Early Design Prototypes: Scripts were created for each scenario for design team exploration and testing

Early Design Prototypes: Fabrication issues

Early Design Prototypes: Fabrication issues

Early Design Prototype: Fabrication diagram

Early Design Prototype: Fabrication diagram

Early Design Prototype: Plan of Scheme 5

Early Design Prototype: Plan of Scheme 5

Early Design Prototype: Section through Scheme 05

Early Design Prototype: Section through Scheme 05

Year: 2007
Location: New York

Description: Matsys provided computational design consulting for Cook + Fox on this project. The project was sited in the lobby of a fashion designer’s studio in a Manhattan tower. The design team needed tools to help them model, visualize, and fabricate their design. Matsys created several rhinoscripts that could be used by the design team to iteratively explore their design concept.

N_Table

N_Table at KSA

N_Table at KSA

N_Table with C_Wall in background

N_Table with C_Wall in background

Detail

Detail

On site

On site

In use

In use

Ronnie stacking the cells

Ronnie stacking the cells

Year: 2007
Location: Columbus, Ohio

Description: This table was designed for small video installation by Norah Zuniga Shaw. The table is made from roughly 200 individual folded paper cells. Using a variation of the rhino-qhull algorithm, each voronoi cell face is further triangulated to create a more rigid structure. The geometry of cells becomes increasingly irregular from bottom to top. The top of the table is covered with rear-projection fabric while the projection and audio equipment and computer are all contained at the bottom of the table.

Credits: Andrew Kudless and Ronnie Parsons

C_Wall

View from outside the gallery door

View from outside the gallery door

C_Wall with shadows on floor

C_Wall with shadows on floor

The zigzag plan of the wall creates an increased structural stiffness

The zigzag plan of the wall creates an increased structural stiffness

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Dense pattern of shadows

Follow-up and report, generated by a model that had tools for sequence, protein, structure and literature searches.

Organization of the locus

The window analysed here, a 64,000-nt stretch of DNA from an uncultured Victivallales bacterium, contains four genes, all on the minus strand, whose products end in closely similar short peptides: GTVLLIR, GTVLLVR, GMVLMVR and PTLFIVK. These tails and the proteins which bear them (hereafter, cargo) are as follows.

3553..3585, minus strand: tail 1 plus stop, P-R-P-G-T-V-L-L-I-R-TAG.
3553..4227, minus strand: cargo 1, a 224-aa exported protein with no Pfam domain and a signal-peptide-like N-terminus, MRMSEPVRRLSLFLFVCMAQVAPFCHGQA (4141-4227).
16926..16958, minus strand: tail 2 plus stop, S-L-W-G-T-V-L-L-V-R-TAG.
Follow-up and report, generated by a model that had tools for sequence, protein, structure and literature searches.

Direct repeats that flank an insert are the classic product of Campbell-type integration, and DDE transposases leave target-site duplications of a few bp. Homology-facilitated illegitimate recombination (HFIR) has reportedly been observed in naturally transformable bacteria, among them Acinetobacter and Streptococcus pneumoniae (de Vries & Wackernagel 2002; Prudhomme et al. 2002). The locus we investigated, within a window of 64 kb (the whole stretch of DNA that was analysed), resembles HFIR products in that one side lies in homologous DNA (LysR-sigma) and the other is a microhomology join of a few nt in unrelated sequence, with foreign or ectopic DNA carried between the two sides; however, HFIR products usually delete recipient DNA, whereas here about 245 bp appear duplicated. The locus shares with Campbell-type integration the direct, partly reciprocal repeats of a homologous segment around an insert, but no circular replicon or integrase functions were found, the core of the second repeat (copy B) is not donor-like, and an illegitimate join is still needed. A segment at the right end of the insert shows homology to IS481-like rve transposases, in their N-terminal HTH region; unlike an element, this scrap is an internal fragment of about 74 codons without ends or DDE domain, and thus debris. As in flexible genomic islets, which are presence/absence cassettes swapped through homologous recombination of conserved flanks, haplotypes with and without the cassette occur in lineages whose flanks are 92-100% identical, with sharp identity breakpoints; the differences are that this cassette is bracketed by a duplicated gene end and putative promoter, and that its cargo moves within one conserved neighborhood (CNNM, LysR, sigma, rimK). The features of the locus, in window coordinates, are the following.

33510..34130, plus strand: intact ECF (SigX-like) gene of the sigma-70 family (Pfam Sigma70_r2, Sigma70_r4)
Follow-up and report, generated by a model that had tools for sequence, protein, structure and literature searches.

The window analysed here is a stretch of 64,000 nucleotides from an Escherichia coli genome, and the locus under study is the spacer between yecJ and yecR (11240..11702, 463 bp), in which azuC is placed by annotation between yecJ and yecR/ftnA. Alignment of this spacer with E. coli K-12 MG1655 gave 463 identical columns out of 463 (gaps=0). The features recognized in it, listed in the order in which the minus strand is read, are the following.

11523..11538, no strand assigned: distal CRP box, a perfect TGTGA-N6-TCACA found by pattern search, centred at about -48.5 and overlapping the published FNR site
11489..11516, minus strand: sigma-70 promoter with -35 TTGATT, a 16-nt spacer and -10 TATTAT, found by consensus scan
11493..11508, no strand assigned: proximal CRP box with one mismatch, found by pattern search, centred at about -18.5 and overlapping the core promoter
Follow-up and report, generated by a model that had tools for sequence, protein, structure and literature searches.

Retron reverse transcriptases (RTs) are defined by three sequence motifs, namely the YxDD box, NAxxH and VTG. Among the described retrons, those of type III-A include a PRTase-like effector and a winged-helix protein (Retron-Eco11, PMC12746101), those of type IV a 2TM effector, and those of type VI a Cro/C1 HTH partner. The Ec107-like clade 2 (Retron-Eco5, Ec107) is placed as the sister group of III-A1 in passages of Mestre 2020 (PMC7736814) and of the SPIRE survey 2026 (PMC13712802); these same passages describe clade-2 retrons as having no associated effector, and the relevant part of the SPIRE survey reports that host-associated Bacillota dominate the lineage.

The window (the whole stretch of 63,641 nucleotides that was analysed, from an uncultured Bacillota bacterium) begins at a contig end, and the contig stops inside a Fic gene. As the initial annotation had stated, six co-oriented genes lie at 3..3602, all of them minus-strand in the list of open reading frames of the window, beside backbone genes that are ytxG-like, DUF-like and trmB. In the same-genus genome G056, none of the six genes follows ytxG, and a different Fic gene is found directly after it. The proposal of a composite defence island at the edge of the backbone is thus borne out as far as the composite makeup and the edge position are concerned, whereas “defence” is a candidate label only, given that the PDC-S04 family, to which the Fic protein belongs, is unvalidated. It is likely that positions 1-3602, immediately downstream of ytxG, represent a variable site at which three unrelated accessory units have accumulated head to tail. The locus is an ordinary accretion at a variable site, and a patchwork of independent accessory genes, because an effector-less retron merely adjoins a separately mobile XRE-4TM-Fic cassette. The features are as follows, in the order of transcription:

Dense pattern of shadows

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Process diagram

Process diagram

Year: 2006
Location: Banvard Gallery, Knowlton School of Architecture, Ohio State University, Columbus, Ohio
Size: 12′ x 4′ x 8′

Description: This project is the latest development in an ongoing area of research into cellular aggregate structures that has examined honeycomb and voronoi geometries and their ability to produce interesting structural, thermal, and visual performances. The voronoi algorithm is used in a wide range of fields including satellite navigation, animal habitat mapping, and urban planning as it can easily adapt to local contingent conditions. Within our research, it is used as a tool to facilitate the translation and materialization of data from particle-simulations and other point-based data. Through this operation, points are transformed into volumetric cells which can be unfolded, CNC cut, and reassembled into larger aggregates.

Credits: Andrew Kudless and Ivan Vukcevich with Ryan Palider, Zak Snider, Austin Poe, Camie Vacha, Cassie Matthys, Christopher Friend, Nicholas Cesare, Anthony Rodriguez, Mark Wendell, Joel Burke, Brandon Hendrick, Chung-tzu Yeh, Doug Stechschultze, Gene Shevchenko, Kyu Chun, Nick Munoz, and Sabrina Sierawski, and Ronnie Parsons

Voronoi Morphologies

Prototype testing algorithm

Prototype testing algorithm

Prototype detail

Prototype detail

2.5D surface voronoi drawings

2.5D surface voronoi drawings

2.5D surface voronoi FDM model

2.5D surface voronoi FDM model

2.5D surface voronoi FDM model

2.5D surface voronoi FDM model

3D voronoi drawings

3D voronoi drawings

3D paper prototype

3D paper prototype

3D paper prototype detail

3D paper prototype detail

Plaster prototype

Plaster prototype

Plaster prototype

Plaster prototype

Year: 2005-2006
Location: Columbus, Ohio
Description: Voronoi Morphologies is the latest development in an ongoing area of research into cellular aggregate structures. The voronoi algorithm is used in a wide range of fields including satellite navigation, animal habitat mapping, and urban planning as it can easily adapt to local contingent conditions. Within our research, it is used as a tool to facilitate the translation and materialization of data from particle-simulations and other point-based data into volumetric form. Through this process, it becomes much easier to produce highly differentiated structures that are responsive to local performance criteria.

The project was developed though both 2D and 3D voronoi cellular structures. In both cases, a field of points is used to determine regions of space, or cells, that are closer to a certain point than any other point. As the cells are not constrained by a fixed geometric topology, the cells properties can be tuned in much more specific ways than a tradition rectangular or hexagonal cell arrangement. A custom-designed script was written to connect Rhino with Qhull which did the actual voronoi calculations. The script also digitally unfolds, labels, and prepares the geometry for CNC fabrication.

This technique was developed in collaboration with Jelle Feringa of EZCT Architecture and Design Research in Paris.

For more information about computing convex hulls, voronoi diagrams, and other triangulations, check out the qhull website. Qhull is used in Matlab and many other computational geometry applications.